Guest Post John C. Stipa author of No Greater Sacrifice


How do they do it? How do authors make us care?


When you read a book, do you get all of the symbolism or subtle messages the author tries to send you? Or are you happy to just read and let the story wash over you, not really caring about the deeper meaning that
might be flowing through the pages?


I’m not saying one mindset is better than the other. Sometimes, when I’m really intrigued by a story, I analyze and dissect every single word, telling myself: it’s going to mean something somewhere somehow.
I’m into it. And then there are other stories where I could care less if I
figure out the deeper meaning. Why is that? How is it possible to have two
completely opposite experiences with a book? I surmise it might be our mood at
the time or possibly the genre. It could even be the location. On vacation at
the beach, all I’m interested in is being entertained. I don’t want to think, I
do that all day long back in the real world. Just give me a vehicle to escape.
But, more likely it’s the way the message is delivered.


Once upon a time, I taught Confirmation class to 7th and 8th graders at our church. It was a difficult task, trying to engage teenagers who couldn’t grasp the deeper meaning of something written 2,000 years ago. A
one-way download from the pulpit didn’t seem to work. After much trial and
error, we teachers found that translation to their language was the only way to
make the message relevant. How it applied to them in the here and now. Sort of
a new-age speaking in tongue. When I first began planning for No Greater
Sacrifice, I wanted to weave a message of faith, but I feared it would come
across as preachy. So I applied the lessons learned from mentoring that youth
group: I delivered the message in a language that a pop culture audience
understands.


On the surface, No Greater Sacrifice is an Indiana Jones-like treasure hunt complete with puzzles, mythology, cave-ins and booby traps, all things that play to the trends of modern day. But NGS is also a
story of loyalty, justice, passion and redemption. It’s about relationships and
the barriers we build around ourselves, of life’s challenges and how we deal
with them. Ultimately, the reader is faced with this question: what exactly is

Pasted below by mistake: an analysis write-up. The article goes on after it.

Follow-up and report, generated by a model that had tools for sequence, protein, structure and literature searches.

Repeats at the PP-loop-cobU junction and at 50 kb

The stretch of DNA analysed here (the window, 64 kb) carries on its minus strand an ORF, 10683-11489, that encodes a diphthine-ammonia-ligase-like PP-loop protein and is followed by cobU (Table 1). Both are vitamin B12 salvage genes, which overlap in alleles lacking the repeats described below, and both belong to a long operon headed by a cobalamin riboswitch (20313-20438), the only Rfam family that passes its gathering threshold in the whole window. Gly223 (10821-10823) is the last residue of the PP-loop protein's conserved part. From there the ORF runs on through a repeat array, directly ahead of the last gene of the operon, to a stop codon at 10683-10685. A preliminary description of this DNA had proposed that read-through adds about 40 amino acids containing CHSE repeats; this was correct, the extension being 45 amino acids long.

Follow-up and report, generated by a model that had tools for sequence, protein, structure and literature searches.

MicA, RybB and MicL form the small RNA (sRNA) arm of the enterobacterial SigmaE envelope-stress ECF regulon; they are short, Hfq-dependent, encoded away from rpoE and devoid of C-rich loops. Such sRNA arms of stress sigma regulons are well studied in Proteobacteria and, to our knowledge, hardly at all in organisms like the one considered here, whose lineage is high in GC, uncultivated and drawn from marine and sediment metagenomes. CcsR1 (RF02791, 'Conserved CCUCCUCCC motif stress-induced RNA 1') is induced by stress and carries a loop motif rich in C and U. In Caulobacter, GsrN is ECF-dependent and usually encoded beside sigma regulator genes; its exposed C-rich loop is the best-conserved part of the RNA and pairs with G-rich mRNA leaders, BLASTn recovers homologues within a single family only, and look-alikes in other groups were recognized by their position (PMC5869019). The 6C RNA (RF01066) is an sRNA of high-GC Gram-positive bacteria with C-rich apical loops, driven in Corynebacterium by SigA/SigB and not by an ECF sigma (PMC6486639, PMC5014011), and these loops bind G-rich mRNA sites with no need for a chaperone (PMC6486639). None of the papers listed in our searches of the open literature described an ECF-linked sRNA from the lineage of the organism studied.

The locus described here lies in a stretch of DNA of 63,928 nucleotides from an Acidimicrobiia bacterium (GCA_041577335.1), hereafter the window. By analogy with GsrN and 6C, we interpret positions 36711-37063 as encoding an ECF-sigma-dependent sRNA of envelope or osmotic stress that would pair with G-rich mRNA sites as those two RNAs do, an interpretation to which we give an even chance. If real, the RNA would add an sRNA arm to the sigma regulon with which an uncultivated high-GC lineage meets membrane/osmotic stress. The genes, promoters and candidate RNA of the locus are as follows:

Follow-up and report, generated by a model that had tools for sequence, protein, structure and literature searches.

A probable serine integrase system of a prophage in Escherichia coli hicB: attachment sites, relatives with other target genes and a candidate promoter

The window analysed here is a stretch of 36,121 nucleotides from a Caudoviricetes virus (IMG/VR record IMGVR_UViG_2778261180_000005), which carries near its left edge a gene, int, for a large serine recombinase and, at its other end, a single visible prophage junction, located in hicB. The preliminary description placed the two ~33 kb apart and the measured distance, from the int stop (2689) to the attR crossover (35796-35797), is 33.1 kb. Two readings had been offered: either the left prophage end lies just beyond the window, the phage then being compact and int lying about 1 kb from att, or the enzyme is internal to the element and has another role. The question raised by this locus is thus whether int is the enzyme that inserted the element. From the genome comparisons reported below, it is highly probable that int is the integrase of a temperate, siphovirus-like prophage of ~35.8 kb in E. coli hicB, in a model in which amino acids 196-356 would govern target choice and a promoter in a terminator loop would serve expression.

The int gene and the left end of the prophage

faith? Is it what we’ve been told, or what we come to discover and embrace for
ourselves?


The adventure/mystery aspects of the story provide the vehicle for me to explore Reneé and David’s fears and internal strife. It is the construct that allows me to burden them with trials, like Reneé’s cancer
and David’s guilt. Their contrasting personalities spark conflict and sexual
tension. Where she is dangerously impetuous, he is steady and cautious. Where
she is outgoing, he is introspective. Her over-confidence is countered by his
crippled self-esteem.


Despite these differences, R&D share several important character traits. They are intellectual equals, each with a sly, witty sense of humor, each in desperate need of a partner. Both are cut from the same cloth of
decency. Both carry a burning desire to chase away the ghosts of their deceased
parents that, along with life’s other challenges, have contributed to their
individual shortcomings. As the suspense builds and the bad guys close in,
Reneé and David must confront their mutual stubbornness and realize trusting in
each other is the only way they will survive. That lowering of emotional
defenses, no matter how agonizing, of taking that risk, that leap of faith in
someone else, is a defining moment for each. It is here I pray the magic takes
over. That wonderful connection to characters that causes us to empathize with
their struggle that is secretly our own. Hopefully, that is where I reach into
the reader’s chest and grip them. Make them care. Where they root for our heroes
to understand that they are better together than they are apart. To be into it.
To care.


So now Giovanni and I ask you: what do other authors do that make you care?


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